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Jet sailplane update



 
 
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Old April 13th 06, 08:06 AM posted to rec.aviation.soaring
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Default Jet sailplane update

_Jet Sailplane Makes Its Maiden Night Flight_
Just a quick update on the jet sailplane. It's 11:30
PM here. I just got home from taking the jet sailplane
on its maiden night flight. I could not have asked
for a nicer evening for test flying. Thanks to Bob
Hudson - who is probably in trouble with his wife for
cutting out just before dinner - I got the wings on
before dark. (I spent last weekend in Phoenix practicing
aerobatics at Turf - more on that later...) By the
time I hooked up the lights and added fuel, it was
getting pretty rosy on the horizon. By the time I
towed to the end of 26, it was about as dark as it
was going to get. A 'Commander's moon' was lighting
things up fairly well. I did a pretty thorough checkout
of all the switches, knobs, dials and readouts under
the newly installed panel lights. All OK. After engine
starup, I clicked the radio for runway lights, but
couldn't reach the reciever. No problem. I taxied
out slowly until the centerline was along the left
side of the cockpit. Easy enough to see in the moonlight.
Takeoff was uneventful, and with repeated radio cliks,
the lights came on shortly after liftoff. I reached
about 75 knots by the end of the runway and pulled
to a 65 knot attitude for climbout. I did a fairly
normal pattern, reaching about 800' by mid-field on
downwind. I pulled back to about 30% thrust for the
descent. Visibility for landing is excellent through
the large canopy of the SIlent, and the extra thrust,
coupled with some spoiler, made the landing a piece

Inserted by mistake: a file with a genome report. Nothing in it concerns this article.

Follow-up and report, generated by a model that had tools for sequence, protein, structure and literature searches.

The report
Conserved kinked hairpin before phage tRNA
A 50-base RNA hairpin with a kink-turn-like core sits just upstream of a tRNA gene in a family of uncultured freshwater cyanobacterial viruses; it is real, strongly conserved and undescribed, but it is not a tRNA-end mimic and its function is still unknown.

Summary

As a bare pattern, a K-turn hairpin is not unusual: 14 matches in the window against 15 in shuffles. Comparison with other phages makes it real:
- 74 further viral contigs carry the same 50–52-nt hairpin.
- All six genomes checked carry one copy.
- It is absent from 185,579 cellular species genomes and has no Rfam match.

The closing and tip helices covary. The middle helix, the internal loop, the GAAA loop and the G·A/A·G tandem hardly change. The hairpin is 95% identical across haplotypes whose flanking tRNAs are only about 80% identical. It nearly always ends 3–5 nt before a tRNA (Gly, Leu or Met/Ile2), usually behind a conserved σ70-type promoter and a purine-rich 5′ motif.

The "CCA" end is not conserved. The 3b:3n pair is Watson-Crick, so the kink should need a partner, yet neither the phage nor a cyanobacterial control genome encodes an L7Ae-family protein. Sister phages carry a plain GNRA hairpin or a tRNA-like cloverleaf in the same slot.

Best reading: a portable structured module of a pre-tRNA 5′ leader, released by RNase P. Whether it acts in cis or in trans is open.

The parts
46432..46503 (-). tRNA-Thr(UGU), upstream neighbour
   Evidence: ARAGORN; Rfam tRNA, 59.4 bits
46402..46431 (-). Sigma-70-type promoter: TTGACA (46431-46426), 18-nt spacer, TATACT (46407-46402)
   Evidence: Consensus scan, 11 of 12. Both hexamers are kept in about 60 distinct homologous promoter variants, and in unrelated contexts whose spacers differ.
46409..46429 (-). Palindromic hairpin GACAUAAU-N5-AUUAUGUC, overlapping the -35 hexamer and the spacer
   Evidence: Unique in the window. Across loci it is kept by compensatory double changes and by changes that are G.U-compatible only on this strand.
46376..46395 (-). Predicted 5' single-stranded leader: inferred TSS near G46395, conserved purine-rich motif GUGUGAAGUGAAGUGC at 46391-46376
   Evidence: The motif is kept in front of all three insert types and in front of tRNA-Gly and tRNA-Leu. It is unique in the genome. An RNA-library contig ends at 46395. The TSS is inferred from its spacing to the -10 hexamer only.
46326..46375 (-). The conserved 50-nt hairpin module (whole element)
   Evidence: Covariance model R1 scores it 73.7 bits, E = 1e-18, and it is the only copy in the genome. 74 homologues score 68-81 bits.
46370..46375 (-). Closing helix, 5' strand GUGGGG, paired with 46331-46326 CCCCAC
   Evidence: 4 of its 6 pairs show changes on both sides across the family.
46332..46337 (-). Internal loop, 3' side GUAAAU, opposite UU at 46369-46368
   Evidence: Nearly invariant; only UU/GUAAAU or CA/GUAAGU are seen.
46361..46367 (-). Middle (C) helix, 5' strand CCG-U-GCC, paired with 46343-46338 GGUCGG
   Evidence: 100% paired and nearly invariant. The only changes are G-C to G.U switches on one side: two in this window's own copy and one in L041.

of cake. I slowed until the tail was firmly planted,
then spooled'em up for another attempt. Second pattern
was just like the first, except I shut down the engines
on base leg. I coasted to a stop at the normal ops
location. To summarize, flying the jet at night feels
very comfortable. Visibility is excellent, and the
insrument lighting provides plenty of light to see
not only the instruments, but also checklists, acro
sequence cards and anything else in the cockpit. I
can't wait to do it again...with acro!!! I'd love
to see how the engines look at full throttle. I know
the exhaust stacks glow cherry red, and there is a
fair amount of flame during spoolup. Not sure if I'll
get in enough practice to shoot the night show from
the jet sailplane in early May (biplane night show
is Plan B).

Somehow, the word 'wood' comes to mind....

_Engine Update
_Engine 2 now has 17.2 hours and 66 start cycles.
While this doesn't sound like much, it is approaching
the 20 hour mark I'd hoped for by this summer. The
engine is still going strong with no indication of
any problems. Despite its excellent performance, I'll
be sending it back to the factory for a 'going through'
since my first three airshows are coming up in a few
weeks, and I'd like to start the season with fairly
fresh engines (engine 1 currently has about 5 hours
on it). This engine has been rock solid since it was
installed about 18 months ago. Other than a glow plug
or two, it has performed flawlessly. It has spent
almost the entire 17 hours at or above 100,000 RPM!
(That's over 100 million revolutions! By comparison,
that's about the same as 660 hours on a normal aircraft
engine.) This engine has been through a lot of 'experiments'
like ram-air starting at high altitude (successful
up to 10,000' MSL). I have no doubt I'll be seeing
30-50 hour TBOs in the near future. I wish the $50,000
Lycoming IO-360 engine in my Skybolt was as reliable...

_Other Notes_
The new wingtip mounts are working well. I can fly
with lights only, various smoke canister assemblies,
or night pyro (Special thanks to Kyle McDowell for
the new integral sequencing computers for the night
show). Lots of switches in the cockpit to control
all of this, but I'm getting comfortable with the layout.

The new EI fuel totalizer is working very well, despite
some earlier problems with radio interference. It
is very nice knowing exact fuel flow, fuel pressure,
fuel remaining and time-to empty numbers. The alarm
functions also work very well, alerting me to critical
points in my fuel situation. This instrument takes
a lot of the workload off of me, especially in the
airshow environment.

_Turf Situation_
Things are not going well at Turf Soaring School near
Phoenix. They have lost their insurance, and Roy is
putting the whole operation up for sale after 38 years.
Good chance someone will buy it and resume operation.
I sincerely hope I was not the last glider to launch
from the runway there. Very sad, but Roy is still
very upbeat. He is running for mayor of Peoria, AZ
with a good chance of winning. I wish him the best.

Blue skies,

Bob C.
Silent Wings Airshows



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